Most will have a maximum diameter of around 100 metres - the size of seven double decker buses - and the potential to cause significant damage. 

But concerned scientists warned a colossal "monster" is also heading our way, with one 'mega' asteroid threatening earth in just SIX years.

The terrifying predictions came as NASA revealed disturbing new data showing 400 impacts are expected between 2017 and 2113, based on new observational data of objects seen in space over the past 60 days.

Most will have a maximum diameter of around 100 metres - the size of seven double decker buses - and the potential to cause significant damage.

But concerned scientists warned a colossal "monster" is also heading our way, with one 'mega' asteroid threatening earth in just SIX years.

It follows claims this week by physicist Professor Brian Cox that a bus-sized asteroid, named 2014 EC, came within 61,637 kilometres (38,300 miles) of Earth in March.

He said there is an "asteroid with our name on it" and it is only a matter of time before an asteroid large enough to wipe out the human race collides with Earth.

Many believe an asteroid was responsible for killing the dinosaurs with a similar life-changing event potentially just around the corner.

Professor Bill Napier, an astronomy expert at the University of Buckingham, said a strike by either an asteroid or debris from a comet could have devastating consequences.

He said: "If something like this happened, depending on where it hit it would be absolutely life-altering.

"The atmospheric chemistry would be upset by cutting out sunlight. It would be like a nuclear winter and could last for tens of thousands of years.

"These comets are 200-300km (186 miles) in diameter they are sheer monsters and could sterilise the earth if we are hit by one.


The dangerously close approach this weekend [NASA]


Experts predict that an enormous asteroid will skirt past the Earth THIS WEEKEND


An asteroid impact with the planet could spell an end to mankind

One hit Siberia in 1908 and luckily it was not in a populated area. Had this happened in London it would have wiped out everything within the M25 and you would have heard the collision in another country

Professor Bill Napier

"The more immediate risk comes from sub-kilometre (smaller) asteroids and there are tens of thousands of these in space which are quite capable of causing damage on a regional scale.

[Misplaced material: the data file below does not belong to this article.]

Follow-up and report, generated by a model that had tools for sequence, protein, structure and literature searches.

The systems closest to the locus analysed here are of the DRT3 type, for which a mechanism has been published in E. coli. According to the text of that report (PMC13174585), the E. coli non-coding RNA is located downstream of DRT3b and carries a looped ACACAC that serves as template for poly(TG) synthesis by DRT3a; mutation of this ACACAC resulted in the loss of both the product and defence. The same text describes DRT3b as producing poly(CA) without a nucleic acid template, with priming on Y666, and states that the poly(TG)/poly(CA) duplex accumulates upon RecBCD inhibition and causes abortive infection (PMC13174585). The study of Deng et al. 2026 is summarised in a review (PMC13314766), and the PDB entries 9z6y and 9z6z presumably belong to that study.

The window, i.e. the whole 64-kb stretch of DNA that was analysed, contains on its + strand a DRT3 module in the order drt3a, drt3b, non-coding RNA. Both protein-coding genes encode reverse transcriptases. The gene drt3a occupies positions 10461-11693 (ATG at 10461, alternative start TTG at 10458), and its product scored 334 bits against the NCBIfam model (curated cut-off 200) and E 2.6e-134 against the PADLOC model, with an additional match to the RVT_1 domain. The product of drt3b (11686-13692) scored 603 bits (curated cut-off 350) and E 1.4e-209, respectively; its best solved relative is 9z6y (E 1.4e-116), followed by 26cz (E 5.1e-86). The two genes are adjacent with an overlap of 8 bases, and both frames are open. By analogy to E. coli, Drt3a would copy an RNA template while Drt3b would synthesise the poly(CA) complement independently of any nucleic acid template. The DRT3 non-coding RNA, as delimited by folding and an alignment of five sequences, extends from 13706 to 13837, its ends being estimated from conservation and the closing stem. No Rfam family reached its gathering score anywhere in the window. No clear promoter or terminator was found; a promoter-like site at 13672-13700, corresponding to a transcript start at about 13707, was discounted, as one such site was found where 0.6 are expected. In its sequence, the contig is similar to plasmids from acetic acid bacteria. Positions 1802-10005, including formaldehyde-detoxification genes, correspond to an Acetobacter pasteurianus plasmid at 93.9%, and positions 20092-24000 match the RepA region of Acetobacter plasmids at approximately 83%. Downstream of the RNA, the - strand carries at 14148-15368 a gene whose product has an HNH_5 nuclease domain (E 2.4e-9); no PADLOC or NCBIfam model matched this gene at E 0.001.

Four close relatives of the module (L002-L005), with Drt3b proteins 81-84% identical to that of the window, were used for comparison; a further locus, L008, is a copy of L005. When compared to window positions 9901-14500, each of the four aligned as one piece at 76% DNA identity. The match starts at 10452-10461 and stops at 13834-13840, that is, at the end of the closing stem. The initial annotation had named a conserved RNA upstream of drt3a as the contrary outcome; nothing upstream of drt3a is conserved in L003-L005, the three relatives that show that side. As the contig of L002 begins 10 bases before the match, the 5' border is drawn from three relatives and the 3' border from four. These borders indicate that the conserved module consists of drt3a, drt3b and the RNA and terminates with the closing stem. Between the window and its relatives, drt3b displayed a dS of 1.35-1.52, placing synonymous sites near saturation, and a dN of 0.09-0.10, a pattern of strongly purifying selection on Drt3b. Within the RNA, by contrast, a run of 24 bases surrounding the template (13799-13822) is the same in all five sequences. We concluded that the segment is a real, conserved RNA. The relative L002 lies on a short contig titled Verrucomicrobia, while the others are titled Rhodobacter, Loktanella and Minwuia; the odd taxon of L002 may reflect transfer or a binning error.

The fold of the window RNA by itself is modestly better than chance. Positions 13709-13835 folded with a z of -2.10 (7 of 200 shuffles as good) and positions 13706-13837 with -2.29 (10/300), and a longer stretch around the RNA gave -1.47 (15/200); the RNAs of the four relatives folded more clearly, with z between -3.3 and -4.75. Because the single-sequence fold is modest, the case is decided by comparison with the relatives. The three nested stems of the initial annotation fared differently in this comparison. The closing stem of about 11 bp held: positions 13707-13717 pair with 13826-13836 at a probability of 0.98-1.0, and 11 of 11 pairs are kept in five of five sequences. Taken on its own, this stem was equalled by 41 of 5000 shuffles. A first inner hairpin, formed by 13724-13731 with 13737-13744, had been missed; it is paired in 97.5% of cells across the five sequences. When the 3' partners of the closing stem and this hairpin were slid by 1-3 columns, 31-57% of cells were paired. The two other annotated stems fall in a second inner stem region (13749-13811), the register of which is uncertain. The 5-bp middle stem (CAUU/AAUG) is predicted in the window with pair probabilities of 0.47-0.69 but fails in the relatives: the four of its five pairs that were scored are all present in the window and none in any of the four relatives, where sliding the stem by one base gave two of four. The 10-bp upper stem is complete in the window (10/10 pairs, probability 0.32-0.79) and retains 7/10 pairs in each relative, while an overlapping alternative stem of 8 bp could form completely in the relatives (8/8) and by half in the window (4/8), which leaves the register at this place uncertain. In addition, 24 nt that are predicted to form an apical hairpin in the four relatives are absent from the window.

"One hit Siberia in 1908 and luckily it was not in a populated area. Had this happened in London it would have wiped out everything within the M25 and you would have heard the collision in another country."

And experts warned of the possibility of something much bigger striking earth in 2020.

Asteroid 2012 DA14, discovered by astronomers at the LaSagra Observatory in Spain, currently has less than a one per cent chance of hitting but scientists can't rule out the possibility that it might smash into our planet.

Paul Chodas, a planetary astronomer at NASA's Jet Propulsion Laboratory (JPL) said: "The orbit for 2012 DA14 is currently very Earth-like, which means it will be very close to Earth on a regular basis."


Many believe that the death of the dinosaurs was triggered by an asteroid impact

Professor Napier said the earth is at risk of two types of strike - asteroids, which are lumps of rock, and much larger comets formed from ice which shatter into billions of "diamond-like" pieces as they hit the earth.

He said though some famous comets like Halley's Comet present little risk there are similar ones out there which could have catastrophic effects.

The Swift-Tuttle Comet, discovered in by Lewis Swift on July 16, 1862, and by Horace Parnell Tuttle on July 19, 1862, is next due to rocket past the planet in the year 4479.

Professor Napier said: "Halley's Comet, which is about 10km across does not cross closely enough to the earth, the most dangerous one is the Swift-Tuttle Comet which is 27km across and passes very close to the Earth.

"There is a more immediate risk from the smaller asteroids.

"Comets are extremely fragile ice bodies and from time to time they get caught up in the gravity of the giant planets and are thrown inwards, this stress can cause them to disintegrate.

"The dust would cut out the sunlight and we would see multiple bombardments.

"This is not unlikely at all, and if we are looking at small comets, they become a significant risk on time scales relative to civilisation and capable of collapsing civilisation.

"These things are floating around in the sky and there is a real hazard out there that hasn't been properly studied, and it could happen at any time.

"Needless to say there's a lot of controversy around the subject."t could be tomorrow.


Asteroid 2014 EC almost guaranteed mankind the same fate as the dinosaurs when it passed the planet